Secondary caregivers are also approved foster families but do NOT have any youth formally placed with them to live. Instead, secondary caregivers spend time with a FAM youth and their primary caregiver(s) at least once a week through meals, activities, or whatever else feels right for them.  Secondary caregivers also keep a bedroom available for the youth to stay at for short periods of time (e.g. a sleepover or weekend) and receive a stipend through FAM. You might think of secondary caregivers as a mentor, an aunt or uncle, a grandparent, extended family or a family friend - because youth and families in foster care deserve flexibility and familiarity.

Youth in FAM homes have access to:

  • A safe, family-based home with a “primary caregiver:” a family who is highly trained, well-supported, and generally caring for no other youth in foster care
  • A “secondary caregiver” who offers extra support and who youth can stay with for short periods - this is unique to FAM!
  • High-quality case management and specialized mental health care
  • Permanency planning and relationship support
  • Support connecting with education and extracurricular activities
  • Opportunities to build relationships with the important people in their lives (e.g. biological/extended/chosen family)
  • Continued support and access to services even when not at home, and a warm welcome back to the same home when they’re ready

FAM resource families (both primary and secondary caregivers) have access to:

  • Quality initial and ongoing training on relevant topics, up to the highest level of foster care: Intensive Services Foster Care
  • Shared caregiving through the partnership between primary and secondary caregivers - a first for California’s Foster Care system!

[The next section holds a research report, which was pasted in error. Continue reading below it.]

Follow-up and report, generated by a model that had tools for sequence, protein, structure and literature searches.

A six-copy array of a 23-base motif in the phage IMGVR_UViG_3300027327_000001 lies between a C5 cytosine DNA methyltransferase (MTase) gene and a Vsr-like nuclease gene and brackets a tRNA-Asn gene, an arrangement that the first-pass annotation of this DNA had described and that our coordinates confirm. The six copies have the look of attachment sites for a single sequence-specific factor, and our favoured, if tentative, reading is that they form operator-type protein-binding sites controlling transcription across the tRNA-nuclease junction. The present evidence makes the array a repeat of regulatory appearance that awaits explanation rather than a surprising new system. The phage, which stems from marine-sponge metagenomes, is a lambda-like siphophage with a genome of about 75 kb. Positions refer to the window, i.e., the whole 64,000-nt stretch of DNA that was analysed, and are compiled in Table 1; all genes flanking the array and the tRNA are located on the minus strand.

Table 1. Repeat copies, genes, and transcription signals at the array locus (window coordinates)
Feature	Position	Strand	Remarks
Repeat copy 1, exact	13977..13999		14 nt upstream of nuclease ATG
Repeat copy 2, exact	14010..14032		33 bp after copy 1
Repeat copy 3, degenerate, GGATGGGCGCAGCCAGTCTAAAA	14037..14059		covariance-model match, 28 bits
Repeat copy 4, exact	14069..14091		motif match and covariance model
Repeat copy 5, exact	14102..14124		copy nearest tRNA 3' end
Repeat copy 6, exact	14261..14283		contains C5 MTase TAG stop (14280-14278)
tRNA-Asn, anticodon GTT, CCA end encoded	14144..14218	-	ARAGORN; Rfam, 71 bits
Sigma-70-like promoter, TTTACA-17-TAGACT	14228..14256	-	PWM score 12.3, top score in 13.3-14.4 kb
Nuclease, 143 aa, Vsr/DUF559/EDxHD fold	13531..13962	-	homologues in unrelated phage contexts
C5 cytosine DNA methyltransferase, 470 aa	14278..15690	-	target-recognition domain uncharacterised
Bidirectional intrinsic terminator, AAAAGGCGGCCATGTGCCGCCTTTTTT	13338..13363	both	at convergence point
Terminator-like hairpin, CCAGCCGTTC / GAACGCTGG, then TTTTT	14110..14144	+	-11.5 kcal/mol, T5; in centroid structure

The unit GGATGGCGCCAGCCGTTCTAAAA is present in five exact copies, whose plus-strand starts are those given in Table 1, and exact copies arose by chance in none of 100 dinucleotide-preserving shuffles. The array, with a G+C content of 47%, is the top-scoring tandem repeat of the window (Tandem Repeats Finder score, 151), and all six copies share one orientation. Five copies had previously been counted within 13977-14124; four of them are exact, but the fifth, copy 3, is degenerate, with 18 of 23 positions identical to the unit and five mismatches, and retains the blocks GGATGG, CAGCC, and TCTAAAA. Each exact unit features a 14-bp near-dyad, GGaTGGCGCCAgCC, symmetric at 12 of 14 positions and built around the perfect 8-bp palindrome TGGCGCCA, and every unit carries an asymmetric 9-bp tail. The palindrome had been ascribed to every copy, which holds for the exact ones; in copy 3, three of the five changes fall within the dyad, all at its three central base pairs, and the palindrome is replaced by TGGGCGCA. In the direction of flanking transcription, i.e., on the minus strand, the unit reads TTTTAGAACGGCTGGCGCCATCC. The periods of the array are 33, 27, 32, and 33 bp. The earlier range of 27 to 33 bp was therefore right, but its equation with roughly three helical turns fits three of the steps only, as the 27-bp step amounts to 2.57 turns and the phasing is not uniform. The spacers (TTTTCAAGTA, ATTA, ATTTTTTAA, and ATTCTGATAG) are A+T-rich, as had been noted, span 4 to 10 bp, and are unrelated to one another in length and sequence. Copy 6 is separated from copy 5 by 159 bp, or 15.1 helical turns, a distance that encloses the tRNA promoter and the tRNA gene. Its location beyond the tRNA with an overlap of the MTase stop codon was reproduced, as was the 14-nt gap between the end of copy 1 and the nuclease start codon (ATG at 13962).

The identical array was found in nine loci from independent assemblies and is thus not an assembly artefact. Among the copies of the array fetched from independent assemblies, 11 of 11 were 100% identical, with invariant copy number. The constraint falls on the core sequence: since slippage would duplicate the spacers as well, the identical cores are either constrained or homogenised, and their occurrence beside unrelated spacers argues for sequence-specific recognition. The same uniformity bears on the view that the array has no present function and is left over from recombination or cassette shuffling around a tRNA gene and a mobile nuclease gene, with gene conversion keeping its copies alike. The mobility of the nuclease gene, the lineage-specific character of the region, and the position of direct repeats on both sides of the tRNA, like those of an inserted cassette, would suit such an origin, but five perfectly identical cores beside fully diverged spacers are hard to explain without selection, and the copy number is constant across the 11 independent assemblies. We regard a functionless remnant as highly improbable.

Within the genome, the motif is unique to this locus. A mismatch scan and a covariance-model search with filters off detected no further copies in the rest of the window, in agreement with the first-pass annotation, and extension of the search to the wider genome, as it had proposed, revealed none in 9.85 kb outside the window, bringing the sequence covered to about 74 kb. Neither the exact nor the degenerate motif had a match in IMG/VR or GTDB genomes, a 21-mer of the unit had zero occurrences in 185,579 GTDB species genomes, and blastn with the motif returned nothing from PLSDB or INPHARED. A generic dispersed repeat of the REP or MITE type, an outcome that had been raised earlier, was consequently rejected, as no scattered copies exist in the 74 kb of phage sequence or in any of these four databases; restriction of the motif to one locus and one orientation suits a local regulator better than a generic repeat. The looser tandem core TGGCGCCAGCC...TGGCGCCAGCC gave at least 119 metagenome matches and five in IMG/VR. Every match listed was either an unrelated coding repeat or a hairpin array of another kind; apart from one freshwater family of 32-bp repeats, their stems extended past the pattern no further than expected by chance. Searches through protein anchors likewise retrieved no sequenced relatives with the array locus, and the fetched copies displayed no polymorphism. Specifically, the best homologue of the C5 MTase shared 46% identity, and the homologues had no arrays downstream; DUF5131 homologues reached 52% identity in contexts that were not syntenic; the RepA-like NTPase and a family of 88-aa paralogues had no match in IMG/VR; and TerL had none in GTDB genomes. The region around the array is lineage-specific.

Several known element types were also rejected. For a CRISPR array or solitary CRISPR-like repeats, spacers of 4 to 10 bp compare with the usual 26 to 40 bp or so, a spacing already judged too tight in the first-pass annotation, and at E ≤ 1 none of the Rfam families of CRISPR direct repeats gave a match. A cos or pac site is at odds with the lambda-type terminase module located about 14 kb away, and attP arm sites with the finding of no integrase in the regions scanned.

• Supplemental funding beyond the foster care rate (including a stipend for secondary caregivers, who wouldn’t otherwise receive a foster care rate)
  • Opportunities to build a caregiving support system through learning and consultation groups
  • Family therapy, as needed
  • Support navigating relationships with youth's biological family or other important people in their lives
  • Support if and when youth transition out of their home

FAM operates under the following philosophical principles: 

  • Lifting youth voice and choice: including youth in decisions about their family and future
  • Focusing on strengths: recognizing people are more than the trauma they may have experienced
  • Harm reduction: a focus on reducing risks while recognizing that change takes time
  • Healthy, lifelong relationships and connections to family, friends, community
  • Wellbeing and belonging: a sense of feeling like the needs of your whole self are being met
  • Education and extracurricular activities on youth’s own terms
  • Radical inclusivity with regard to race, gender and sex, sexual orientation, gender identity and expression, immigration status, and more

Here's how we visualize our model:

FAM Model